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The secret to beauty

The CEO of Australia’s fastest growing hair and beauty company reveals the secrets to the beauty business. He sits down with Brittany Coles to explain how he went from beginning his company as a teenager, to housing 17 leading brands featuring furniture to lipsticks under one warehouse by the age of 30.

“Our B2B died during COVID-19 lockdown but our B2C sales went through the roof by 460 per cent. We usually hit two million sales a month, but in the week before the end of the financial year, we had reached 1.1 million customers in just seven days,” Ammar Ahmad, CEO of AMR Hair & Beauty says.

AMR is Australia’s fastest growing hair and beauty supply enterprise and is becoming one of the nation’s leading e-commerce businesses. In the past three months, Ammar Ahmad, CEO of AMR Hair & Beauty says his business has experienced product sales that would usually take more than a year to achieve.

During the peak COVID-19 period in Australia from March to June, AMR Hair & Beauty sales were up more than 250 per cent with upwards of 240,000 users a month on its website.

According to Australia Post’s 2020 e-commerce Industry Report, beauty shoppers are among the most engaged online. They are increasing their purchasing frequency and demonstrating an increased confidence in buying these items online. The beauty e-commerce industry is up 18.8 per cent year-on-year and online transactions account for more than 53 per cent of sales for this industry.

Though Ammar has already had a fairy-tale ending, this isn’t his final chapter. The hair and beauty supplier started AMR Hair & Beauty in 2004 at the age of 14, and now he has branched out to sell an array of products across 17 websites that are fulfilled from one 22,000 square metre warehouse in Ingleburn, Western Sydney. The company now boasts a multi-million dollar annual revenue figure.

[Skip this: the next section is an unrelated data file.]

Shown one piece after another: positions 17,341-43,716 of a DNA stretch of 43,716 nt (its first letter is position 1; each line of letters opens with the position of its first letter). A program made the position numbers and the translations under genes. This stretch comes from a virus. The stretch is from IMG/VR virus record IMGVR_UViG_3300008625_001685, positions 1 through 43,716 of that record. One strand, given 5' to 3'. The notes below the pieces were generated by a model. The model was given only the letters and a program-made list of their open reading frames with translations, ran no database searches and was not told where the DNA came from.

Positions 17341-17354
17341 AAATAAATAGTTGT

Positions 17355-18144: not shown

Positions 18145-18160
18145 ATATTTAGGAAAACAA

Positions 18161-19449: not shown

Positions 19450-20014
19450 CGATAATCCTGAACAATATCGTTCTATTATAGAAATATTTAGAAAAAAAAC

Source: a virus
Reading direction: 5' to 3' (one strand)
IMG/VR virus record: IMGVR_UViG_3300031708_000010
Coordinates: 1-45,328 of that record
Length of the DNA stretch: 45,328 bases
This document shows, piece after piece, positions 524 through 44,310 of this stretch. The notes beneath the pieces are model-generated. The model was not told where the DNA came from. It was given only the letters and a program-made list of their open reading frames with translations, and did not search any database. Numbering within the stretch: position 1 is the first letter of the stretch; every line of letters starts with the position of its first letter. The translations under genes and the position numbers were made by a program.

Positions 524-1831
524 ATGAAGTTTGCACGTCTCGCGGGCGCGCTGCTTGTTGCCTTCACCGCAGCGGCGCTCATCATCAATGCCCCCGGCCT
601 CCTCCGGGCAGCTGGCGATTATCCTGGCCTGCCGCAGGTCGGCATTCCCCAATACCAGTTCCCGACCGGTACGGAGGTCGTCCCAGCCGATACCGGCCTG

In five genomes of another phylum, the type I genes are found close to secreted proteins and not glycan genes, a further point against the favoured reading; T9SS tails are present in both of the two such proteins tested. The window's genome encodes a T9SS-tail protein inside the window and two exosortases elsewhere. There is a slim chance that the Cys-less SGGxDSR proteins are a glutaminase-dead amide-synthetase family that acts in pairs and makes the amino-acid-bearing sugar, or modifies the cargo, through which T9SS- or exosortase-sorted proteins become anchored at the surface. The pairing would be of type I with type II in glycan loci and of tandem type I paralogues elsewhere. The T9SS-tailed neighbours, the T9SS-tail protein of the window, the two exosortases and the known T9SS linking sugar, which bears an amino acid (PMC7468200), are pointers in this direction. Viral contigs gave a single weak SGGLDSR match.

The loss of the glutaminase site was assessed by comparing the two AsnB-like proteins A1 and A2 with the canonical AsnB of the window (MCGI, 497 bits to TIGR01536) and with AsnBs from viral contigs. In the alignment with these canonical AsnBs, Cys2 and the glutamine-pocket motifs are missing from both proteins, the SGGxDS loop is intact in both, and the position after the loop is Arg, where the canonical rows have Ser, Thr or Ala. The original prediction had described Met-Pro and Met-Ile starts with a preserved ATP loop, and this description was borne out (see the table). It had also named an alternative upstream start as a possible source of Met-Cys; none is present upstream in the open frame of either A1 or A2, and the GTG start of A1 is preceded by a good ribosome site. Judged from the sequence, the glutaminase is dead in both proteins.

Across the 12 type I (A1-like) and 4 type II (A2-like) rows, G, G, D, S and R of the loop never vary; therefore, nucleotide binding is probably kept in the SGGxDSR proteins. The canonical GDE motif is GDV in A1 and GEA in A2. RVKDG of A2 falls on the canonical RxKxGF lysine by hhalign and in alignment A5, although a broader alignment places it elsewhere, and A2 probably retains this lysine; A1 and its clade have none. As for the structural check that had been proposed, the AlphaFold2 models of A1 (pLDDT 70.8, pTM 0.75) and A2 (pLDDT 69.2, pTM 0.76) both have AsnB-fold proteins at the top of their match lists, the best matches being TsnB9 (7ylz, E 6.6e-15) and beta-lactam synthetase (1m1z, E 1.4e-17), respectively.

“Beauty doesn’t die. I have four sisters at home and when they have fifty bucks and they’re hungry, they will spend every cent on make-up to look beautiful instead of eating. Beauty is one of the highest priorities,” Ammar says. As a teenager, Ammar worked in hair salons and as a night-time cleaner and noticed that there was a large gap between quality products and low pricing.

The company aims to source, import and supply the finest quality products from across the globe and deliver them directly to salons and customers Australia-wide. From beginning his business in a van at the age of sixteen,  going salon to salon, door-by-door, to now becoming a multinational business that services hundreds of thousands of salons and consumers across the country, AMR Hair & Beauty’s continuing success meant a shift in its warehouse management solution (WMS) to cope with the constant product and sale growth.

Warehouse makeover

Every make-up user knows that although eyeshadow, blush and mascara are important tools, the key to a perfect face is all in the foundation. Two years ago, the company underwent a major IT restructure in order to leverage its omnichannel position in the market. “When we moved into our new building, I lost $4.8 million dollars with a 3PL who promised us they could deliver on time, we realised in the overhaul that 3PL wasn’t for us and we wanted to strengthen our independence,” Ammar says.

“We were using an in-house developed ERP that simply went from our WordPress site. We had a WMS, but it was really slow and wasn’t cloud-driven and would randomly turn on and off,” he explains.

AMR Hair & Beauty simultaneously runs 17 different websites that sell different products from beauty salon equipment, shoes, tea, watches to toothbrushes. “We needed a WMS that operates from the same warehouse and Microlistics came back as the only company who were the perfect fit for picking multiple products for multiple clients 24/7,” he says.

Ammar says although his business operation isn’t 3PL, it was important that the WMS he was going to employ was able to be seamlessly integrated with its multi-channel needs that require different priorities. “Some businesses we promise dispatch within the hour and for others we have a few days up our sleeve, so meeting our diverse needs was a critical tick to my box when we discovered the capabilities of Microlistics,” Ammar says.